Movie Review – King Cobra

King Cobra (2016, dir. Justin Kelly)

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Sean Lockhart wants to make it in the movies. He intends to become a director and helm great films. He’s taking a rather unorthodox path by first changing his name to Brent Corrigan and then moving in with a man named Stephen. Stephen runs King Cobra, a gay pornography website and Brent is becoming his biggest star. Simultaneously, we’re introduced to Joe and Harlow, a pair of male escorts in a committed relationship. Joe never hesitates to indulge Harlow and provide him with every extravagance. Harlow carries the trauma of abuse from his stepfather, and this had caused Joe to become almost psychotically protective of him. These two pairs of men are on a trajectory towards each other. The events of this story will end in betrayal and murder. This is the story of King Cobra.

The film is based on real events, though director Kelly has taken a lot of liberty with the facts. The real life Sean Lockhart has expressed much disdain over the way the film portrays queer culture. Via Twitter he stated, “I gave them permission to use my name but explicitly made it clear that their story was heinous & not sanctioned. They told me they couldn’t change their screenplay after we entered negotiations.” Director Justin Kelly is a gay man himself and has stated that his interest in the film came from a more true crime angle that happened to feature representation of “different kinds of gay characters.” I find that both men have some very solid ideas and interpretations of the final product. There are some incredibly strong moments, but flaws are still present that degrade what could be a fascinating film.

The two most solid performances, in my opinion, are Christian Slater as Stephen and Keegan Allen of Harlow. Slater walks a very fine line with Stephen as both a lecherous older man getting off on young guys and a very isolated gay man from an older generation who didn’t have a support network for coming out. He is still publicly closeted and tells Brent a painful story about his first experience with another man and how his friends ostracized him after finding out. The film doesn’t come down black or white on the issue of Stephen exploiting  Brent, we are left to decide what their relationship was.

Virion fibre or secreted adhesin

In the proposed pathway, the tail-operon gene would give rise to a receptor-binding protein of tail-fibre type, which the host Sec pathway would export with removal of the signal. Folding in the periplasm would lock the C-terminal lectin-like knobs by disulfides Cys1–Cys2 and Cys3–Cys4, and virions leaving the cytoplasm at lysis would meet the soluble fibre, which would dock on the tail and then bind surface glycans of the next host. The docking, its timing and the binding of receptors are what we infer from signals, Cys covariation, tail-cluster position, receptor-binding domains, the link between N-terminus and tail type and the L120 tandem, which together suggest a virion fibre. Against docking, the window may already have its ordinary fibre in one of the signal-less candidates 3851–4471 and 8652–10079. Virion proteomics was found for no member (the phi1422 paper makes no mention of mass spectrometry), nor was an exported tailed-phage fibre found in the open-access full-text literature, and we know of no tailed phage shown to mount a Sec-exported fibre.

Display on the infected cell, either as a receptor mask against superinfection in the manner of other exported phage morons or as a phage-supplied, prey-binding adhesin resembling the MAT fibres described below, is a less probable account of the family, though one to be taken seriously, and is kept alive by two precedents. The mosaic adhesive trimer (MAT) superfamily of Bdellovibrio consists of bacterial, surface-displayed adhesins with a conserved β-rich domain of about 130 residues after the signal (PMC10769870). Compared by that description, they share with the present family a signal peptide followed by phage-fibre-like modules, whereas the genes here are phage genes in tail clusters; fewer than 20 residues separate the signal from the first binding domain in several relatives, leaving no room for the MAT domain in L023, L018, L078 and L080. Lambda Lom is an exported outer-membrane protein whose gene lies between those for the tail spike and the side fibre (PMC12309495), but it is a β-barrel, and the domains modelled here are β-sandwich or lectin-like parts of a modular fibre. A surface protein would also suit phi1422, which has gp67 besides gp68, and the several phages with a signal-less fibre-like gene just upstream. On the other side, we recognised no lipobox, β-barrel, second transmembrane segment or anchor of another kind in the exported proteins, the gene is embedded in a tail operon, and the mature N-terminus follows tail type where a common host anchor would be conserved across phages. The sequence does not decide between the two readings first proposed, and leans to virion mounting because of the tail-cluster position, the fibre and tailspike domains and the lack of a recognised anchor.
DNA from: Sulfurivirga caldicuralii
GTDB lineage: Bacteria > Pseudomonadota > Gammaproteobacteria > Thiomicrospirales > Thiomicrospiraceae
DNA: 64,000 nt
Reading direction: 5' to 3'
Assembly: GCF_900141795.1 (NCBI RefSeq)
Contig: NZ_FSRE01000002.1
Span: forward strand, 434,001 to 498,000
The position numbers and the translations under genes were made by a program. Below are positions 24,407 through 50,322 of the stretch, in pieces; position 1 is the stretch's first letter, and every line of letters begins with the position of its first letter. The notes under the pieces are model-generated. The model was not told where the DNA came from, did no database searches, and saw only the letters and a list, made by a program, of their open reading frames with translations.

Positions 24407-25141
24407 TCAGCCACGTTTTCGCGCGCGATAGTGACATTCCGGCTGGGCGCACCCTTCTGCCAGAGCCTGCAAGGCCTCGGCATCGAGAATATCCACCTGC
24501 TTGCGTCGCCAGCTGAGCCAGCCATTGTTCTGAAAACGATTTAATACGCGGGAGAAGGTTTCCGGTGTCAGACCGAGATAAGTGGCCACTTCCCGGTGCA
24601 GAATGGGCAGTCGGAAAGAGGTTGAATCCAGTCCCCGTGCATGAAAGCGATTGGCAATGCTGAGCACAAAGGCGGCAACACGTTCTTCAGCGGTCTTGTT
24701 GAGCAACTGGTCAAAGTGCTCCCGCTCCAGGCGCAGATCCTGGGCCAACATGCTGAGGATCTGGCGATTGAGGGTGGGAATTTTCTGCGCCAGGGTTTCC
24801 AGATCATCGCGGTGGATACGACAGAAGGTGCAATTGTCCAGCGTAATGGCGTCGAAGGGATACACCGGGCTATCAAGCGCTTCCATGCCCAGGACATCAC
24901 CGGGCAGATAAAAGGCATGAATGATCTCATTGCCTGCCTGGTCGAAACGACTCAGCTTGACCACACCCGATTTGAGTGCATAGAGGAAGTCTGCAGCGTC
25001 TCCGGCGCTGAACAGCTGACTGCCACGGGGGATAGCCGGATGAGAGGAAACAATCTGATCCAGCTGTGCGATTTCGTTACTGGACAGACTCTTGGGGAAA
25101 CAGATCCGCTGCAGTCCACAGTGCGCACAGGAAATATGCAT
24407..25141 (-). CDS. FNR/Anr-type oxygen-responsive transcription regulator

When you first glimpse Keegan Allen, you’ll likely think of Joaquin Phoenix, and there is a strong physical resemblance. Another resemblance is that Allen is arguably the strongest actor in this picture. The character of Harlow has many layers and Allen makes interesting choices about how to play him. There is genuine love from Harlow to Joe and a desire to be monogamous with him. Joe, knowing that their finances are crippling them and keeping this from his partner, forces Harlow to continue meeting with clients. My hope is that we continue to see Keegan Allen in films because I get the sense there are some great performances there.

The most glaring problem with King Cobra seems to be a glaring issue in a lot of films: James Franco. Franco produced this film and chose to play Joe, the manic abusive lover of Harlow. I can’t say I understand a single choice Franco makes when it comes to playing this character but everything he does seems to pull the viewer out of the film. You’ll have a scene that is setting a muted, layered tone and then Franco comes on the screen and it devolves into dark comedy. He plays a complete caricature. The film has a lot of gratuitous simulated gay sex and the sex that appears as part of the porn productions is expectedly smutty but makes sense. Franco’s most explicit sex scene is such a joke I can’t imagine audiences not howling in laughter at his horrible performance.

King Cobra is a true crime film that plays with the idea of being a moody, independent film but falls into but ends up becoming borderline exploitative. There are some interesting performances, but they aren’t given the support needed to become great. There was the opportunity to explore some intriguing themes: the generation gap in the gay community, the American culture’s obsession with appearing wealthy. But every time one of these themes emerges it is just as quickly dropped.

 

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